Sekiro is then presented with the option to follow Owl and betray Kuro or to remain loyal to Kuro. If Sekiro sides with Owl, he is forced to fight Emma, a doctor in service to Isshin, and Isshin himself. Upon defeating them, Sekiro then proceeds to impale Owl through the back of his chest while Kuro, in horror, realizes he has been corrupted by bloodlust and fallen down the path of Shura. It is then stated that a demon roamed the lands for many years slaughtering many people, possibly referring to the corrupted Sculptor, Sekijo. If Kuro is chosen Sekiro fights and kills Owl. He then uses the items he has gathered to enter Fountainhead Palace. Sekiro then enters the Divine Realm, where he fights the Divine Dragon to obtain its tears for Immortal Severance. Upon returning to Ashina Castle Wolf discovers that it has been attacked by the Interior Ministry and is informed by Emma that Kuro has fled through a secret escape passage. Sekiro finds an injured Kuro and Genichiro, wielding a second Mortal Blade. Genichiro then challenges Sekiro a final time. Upon his defeat, he sacrifices himself to bring Isshin, who recently died from his illness, back to life at the height of his power. Although Isshin is on Sekiro and Kuro's side, he honors Genichiro's sacrifice and chooses to fight Sekiro.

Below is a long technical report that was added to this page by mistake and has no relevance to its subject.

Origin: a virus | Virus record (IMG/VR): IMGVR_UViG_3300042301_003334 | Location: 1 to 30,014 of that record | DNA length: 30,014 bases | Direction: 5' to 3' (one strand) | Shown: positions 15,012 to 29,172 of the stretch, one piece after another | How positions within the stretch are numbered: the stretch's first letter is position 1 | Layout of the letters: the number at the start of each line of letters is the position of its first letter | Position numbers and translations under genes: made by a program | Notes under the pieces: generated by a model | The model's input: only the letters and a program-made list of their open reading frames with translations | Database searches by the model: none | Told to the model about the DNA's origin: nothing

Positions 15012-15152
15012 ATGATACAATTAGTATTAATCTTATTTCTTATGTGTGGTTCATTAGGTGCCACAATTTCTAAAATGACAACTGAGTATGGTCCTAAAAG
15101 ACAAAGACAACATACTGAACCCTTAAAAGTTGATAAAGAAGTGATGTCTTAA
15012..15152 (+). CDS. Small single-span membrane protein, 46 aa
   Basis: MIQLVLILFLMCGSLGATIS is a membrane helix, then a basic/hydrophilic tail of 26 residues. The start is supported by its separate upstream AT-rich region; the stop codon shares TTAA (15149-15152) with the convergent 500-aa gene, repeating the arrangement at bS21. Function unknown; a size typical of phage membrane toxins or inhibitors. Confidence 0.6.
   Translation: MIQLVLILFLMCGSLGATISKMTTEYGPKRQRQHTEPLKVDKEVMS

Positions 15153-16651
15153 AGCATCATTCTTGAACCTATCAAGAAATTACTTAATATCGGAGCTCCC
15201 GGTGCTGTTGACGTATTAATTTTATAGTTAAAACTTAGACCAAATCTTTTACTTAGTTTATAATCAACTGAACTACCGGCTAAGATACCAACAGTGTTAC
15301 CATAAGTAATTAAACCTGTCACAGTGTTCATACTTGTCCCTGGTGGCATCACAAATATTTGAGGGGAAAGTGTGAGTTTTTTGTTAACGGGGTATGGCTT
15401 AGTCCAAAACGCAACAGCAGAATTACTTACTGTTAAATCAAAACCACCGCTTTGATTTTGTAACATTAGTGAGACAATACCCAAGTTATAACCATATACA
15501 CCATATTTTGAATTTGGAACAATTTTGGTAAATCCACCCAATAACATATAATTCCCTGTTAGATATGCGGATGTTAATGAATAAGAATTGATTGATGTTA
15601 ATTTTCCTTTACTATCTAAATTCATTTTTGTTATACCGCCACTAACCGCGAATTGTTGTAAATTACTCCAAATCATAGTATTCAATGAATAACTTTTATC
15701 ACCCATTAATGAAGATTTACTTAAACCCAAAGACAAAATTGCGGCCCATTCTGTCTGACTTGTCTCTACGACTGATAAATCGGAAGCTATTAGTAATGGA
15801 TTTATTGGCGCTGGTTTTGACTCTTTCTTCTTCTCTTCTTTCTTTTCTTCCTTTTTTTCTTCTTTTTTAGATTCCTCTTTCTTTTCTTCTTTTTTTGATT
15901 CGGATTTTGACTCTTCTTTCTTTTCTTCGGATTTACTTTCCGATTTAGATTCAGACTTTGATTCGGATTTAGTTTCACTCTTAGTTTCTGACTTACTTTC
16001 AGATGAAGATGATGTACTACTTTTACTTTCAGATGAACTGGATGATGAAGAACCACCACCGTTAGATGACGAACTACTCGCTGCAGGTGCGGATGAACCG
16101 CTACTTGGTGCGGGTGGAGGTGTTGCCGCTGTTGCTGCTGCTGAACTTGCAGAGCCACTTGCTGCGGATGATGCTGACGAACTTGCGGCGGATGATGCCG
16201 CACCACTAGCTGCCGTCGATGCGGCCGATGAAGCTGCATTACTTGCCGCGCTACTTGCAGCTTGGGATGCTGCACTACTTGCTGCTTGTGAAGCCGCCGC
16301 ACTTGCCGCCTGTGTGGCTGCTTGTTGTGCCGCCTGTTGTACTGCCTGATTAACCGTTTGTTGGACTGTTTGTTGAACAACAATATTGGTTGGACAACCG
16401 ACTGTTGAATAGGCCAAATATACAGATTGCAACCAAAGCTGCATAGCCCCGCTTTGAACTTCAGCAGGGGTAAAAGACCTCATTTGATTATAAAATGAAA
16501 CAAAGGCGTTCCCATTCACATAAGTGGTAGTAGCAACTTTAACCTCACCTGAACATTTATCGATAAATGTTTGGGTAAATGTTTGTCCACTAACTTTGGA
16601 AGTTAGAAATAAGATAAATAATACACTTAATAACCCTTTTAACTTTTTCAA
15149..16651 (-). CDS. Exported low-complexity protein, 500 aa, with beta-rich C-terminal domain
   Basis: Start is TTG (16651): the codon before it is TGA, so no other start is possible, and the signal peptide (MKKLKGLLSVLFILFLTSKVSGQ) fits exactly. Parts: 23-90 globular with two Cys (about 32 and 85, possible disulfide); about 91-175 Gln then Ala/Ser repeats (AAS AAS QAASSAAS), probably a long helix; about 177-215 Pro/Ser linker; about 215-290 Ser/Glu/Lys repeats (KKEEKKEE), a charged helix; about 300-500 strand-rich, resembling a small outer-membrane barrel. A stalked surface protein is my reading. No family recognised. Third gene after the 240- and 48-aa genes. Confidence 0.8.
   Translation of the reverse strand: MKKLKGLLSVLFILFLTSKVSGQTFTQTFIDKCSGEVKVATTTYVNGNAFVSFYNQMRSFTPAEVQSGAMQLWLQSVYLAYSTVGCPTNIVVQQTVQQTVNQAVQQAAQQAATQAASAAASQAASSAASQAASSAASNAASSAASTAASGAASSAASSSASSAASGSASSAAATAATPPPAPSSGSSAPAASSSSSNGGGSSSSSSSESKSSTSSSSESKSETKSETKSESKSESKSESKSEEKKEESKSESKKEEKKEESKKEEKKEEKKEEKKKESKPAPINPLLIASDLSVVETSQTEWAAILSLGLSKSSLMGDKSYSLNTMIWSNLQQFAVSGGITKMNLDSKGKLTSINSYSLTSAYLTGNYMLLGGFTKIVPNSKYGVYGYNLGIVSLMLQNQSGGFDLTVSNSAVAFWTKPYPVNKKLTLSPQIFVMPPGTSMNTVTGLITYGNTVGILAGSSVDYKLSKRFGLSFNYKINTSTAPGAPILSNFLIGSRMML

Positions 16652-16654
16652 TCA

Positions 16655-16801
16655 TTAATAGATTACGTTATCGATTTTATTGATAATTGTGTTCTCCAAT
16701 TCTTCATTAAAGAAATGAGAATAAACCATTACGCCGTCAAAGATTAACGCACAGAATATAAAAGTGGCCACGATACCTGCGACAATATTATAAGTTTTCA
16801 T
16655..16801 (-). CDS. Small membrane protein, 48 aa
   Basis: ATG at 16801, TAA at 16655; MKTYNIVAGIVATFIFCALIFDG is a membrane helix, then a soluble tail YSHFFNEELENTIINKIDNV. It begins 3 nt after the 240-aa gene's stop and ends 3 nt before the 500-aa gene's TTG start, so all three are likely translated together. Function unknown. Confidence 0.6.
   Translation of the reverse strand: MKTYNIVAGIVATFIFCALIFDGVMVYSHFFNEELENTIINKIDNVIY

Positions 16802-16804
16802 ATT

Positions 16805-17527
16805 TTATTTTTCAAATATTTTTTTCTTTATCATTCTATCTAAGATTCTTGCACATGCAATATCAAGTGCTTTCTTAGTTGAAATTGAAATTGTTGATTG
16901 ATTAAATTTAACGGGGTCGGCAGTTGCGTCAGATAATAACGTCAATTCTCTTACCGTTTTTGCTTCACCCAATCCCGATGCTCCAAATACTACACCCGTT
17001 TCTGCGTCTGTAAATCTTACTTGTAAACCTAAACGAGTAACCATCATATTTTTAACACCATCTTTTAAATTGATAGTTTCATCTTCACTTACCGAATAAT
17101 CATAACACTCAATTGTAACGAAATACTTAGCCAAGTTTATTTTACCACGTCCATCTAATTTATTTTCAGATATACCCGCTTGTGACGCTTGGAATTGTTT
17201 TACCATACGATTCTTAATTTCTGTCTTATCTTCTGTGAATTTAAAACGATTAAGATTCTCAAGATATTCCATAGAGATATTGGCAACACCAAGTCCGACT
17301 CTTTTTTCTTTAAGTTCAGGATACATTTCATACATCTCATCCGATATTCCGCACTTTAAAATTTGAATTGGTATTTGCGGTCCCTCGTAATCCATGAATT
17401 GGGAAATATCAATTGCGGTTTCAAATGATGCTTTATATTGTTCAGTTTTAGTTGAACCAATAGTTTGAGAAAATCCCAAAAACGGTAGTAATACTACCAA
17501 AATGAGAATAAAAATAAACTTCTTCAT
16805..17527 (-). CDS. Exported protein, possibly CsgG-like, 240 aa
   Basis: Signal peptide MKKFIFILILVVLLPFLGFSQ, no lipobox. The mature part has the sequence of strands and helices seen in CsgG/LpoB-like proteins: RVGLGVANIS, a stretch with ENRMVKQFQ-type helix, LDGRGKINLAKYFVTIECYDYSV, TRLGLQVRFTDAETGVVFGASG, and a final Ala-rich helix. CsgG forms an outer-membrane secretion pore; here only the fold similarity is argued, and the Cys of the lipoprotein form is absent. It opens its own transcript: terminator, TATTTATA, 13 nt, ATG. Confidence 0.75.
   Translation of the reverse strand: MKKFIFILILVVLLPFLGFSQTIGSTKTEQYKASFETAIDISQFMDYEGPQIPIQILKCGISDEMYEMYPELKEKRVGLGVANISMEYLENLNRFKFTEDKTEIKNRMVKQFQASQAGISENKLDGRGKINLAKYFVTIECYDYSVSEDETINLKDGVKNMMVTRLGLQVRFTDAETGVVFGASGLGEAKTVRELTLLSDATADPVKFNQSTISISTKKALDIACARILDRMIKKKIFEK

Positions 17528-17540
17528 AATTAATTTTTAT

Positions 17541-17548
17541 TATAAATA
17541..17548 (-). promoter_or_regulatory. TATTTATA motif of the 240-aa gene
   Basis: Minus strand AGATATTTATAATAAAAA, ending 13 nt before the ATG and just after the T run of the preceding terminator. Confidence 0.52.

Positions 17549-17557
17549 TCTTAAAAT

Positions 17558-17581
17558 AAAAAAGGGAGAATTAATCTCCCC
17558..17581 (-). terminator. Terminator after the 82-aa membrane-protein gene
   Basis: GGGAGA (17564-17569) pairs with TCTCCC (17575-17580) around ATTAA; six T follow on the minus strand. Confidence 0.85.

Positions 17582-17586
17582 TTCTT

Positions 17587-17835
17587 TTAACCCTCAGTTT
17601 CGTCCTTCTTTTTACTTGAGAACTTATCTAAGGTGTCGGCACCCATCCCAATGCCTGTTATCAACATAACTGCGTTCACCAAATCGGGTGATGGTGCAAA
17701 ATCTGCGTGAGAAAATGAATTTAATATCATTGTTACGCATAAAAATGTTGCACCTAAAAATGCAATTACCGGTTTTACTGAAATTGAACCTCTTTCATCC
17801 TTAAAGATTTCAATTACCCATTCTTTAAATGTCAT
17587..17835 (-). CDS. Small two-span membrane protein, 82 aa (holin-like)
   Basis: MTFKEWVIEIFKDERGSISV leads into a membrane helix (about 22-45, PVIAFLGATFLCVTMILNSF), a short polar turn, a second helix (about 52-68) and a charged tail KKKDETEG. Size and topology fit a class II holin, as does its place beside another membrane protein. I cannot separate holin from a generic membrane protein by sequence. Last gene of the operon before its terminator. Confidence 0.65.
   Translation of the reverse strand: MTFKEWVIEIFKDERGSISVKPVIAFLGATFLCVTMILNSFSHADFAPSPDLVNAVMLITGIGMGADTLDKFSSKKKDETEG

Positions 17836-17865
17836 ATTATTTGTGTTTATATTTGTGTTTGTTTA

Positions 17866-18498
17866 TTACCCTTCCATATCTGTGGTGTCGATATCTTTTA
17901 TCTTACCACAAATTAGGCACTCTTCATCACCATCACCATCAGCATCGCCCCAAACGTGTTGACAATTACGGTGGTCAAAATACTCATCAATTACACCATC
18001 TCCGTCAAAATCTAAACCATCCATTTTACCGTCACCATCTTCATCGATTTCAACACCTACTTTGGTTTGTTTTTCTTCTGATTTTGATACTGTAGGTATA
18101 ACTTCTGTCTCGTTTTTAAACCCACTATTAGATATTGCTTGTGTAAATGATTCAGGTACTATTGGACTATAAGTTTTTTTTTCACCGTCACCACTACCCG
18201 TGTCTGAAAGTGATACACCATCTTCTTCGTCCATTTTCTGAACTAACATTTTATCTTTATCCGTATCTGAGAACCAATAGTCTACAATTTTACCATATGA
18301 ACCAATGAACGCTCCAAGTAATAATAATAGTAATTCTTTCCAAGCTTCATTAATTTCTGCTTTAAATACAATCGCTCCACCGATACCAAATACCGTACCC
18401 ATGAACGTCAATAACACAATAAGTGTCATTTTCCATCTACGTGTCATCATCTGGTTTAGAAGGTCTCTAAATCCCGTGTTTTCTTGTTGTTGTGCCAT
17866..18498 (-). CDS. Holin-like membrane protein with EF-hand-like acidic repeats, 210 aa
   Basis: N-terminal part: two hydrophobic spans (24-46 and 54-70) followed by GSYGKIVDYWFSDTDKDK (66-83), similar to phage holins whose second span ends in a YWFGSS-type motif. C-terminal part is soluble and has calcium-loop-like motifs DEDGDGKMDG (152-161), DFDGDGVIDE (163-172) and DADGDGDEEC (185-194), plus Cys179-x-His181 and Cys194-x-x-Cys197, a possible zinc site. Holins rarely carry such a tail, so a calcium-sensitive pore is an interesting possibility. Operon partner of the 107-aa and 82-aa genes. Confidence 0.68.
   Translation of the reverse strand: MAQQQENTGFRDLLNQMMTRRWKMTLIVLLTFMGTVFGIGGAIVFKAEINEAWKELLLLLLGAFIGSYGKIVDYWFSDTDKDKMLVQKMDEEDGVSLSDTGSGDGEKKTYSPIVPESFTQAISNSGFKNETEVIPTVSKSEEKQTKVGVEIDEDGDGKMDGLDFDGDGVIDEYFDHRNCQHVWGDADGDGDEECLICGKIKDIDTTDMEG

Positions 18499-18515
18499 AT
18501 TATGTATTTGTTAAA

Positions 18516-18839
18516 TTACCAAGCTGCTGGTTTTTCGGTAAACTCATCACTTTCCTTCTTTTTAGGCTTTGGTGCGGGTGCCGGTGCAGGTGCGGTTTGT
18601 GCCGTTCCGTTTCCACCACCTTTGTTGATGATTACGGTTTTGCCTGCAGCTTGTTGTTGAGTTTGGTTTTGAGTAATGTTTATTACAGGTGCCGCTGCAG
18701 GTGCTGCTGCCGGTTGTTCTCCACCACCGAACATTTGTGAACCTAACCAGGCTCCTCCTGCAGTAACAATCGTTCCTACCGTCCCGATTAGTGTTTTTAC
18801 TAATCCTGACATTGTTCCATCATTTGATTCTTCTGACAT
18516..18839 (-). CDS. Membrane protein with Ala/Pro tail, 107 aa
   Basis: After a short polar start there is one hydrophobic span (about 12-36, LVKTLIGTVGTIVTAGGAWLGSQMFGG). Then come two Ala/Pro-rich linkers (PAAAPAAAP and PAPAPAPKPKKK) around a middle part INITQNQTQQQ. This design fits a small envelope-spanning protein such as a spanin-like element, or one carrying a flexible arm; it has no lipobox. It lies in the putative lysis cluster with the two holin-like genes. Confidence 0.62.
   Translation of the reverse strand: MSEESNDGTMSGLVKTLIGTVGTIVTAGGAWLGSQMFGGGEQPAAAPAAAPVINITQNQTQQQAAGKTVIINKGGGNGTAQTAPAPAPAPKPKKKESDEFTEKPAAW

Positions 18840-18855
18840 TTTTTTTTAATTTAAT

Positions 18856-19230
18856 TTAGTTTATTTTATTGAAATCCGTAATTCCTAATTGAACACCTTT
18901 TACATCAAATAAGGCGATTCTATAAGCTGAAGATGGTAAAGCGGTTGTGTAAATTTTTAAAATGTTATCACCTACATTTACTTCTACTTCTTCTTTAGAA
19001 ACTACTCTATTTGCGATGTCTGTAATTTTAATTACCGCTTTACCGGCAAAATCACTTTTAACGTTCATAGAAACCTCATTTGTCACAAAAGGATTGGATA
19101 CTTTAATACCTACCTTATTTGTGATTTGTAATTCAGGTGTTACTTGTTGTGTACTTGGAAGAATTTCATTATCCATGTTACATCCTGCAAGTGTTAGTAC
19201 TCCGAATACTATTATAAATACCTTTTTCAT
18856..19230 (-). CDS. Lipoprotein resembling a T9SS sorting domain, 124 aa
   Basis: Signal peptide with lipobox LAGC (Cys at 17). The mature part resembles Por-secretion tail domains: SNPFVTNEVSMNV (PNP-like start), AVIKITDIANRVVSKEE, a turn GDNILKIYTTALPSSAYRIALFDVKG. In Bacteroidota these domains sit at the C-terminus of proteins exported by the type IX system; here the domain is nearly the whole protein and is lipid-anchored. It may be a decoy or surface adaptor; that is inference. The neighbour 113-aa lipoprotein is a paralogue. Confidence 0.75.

After defeating Isshin, the player can obtain three endings depending on what is given to Kuro. The standard ending is "Immortal Severance". Sekiro gives Kuro the dragon tears and severs his ties to the Divine Dragon. This process ends up killing Kuro, while Sekiro becomes the next sculptor and ends his life as a shinobi, as the previous sculptor fell to the hands of Sekiro after becoming a demon of hatred. In the "Purification" ending Sekiro manages to save Kuro at the cost of his own life, allowing Kuro to live a normal mortal life. After decapitating himself with the Mortal Blade, he is buried with his sword, whereas the final scene shows Kuro and Emma visiting his grave. The final ending, "Dragon’s Homecoming", is obtained by helping the Divine Child of the Rejuvenating Waters complete a ritual to return the power of the Divine Dragon to its birthplace in the West. Kuro's body dies but his spirit lives on inside the Divine Child. Wolf remains a shinobi and chooses to travel with the Divine Child on their westward journey.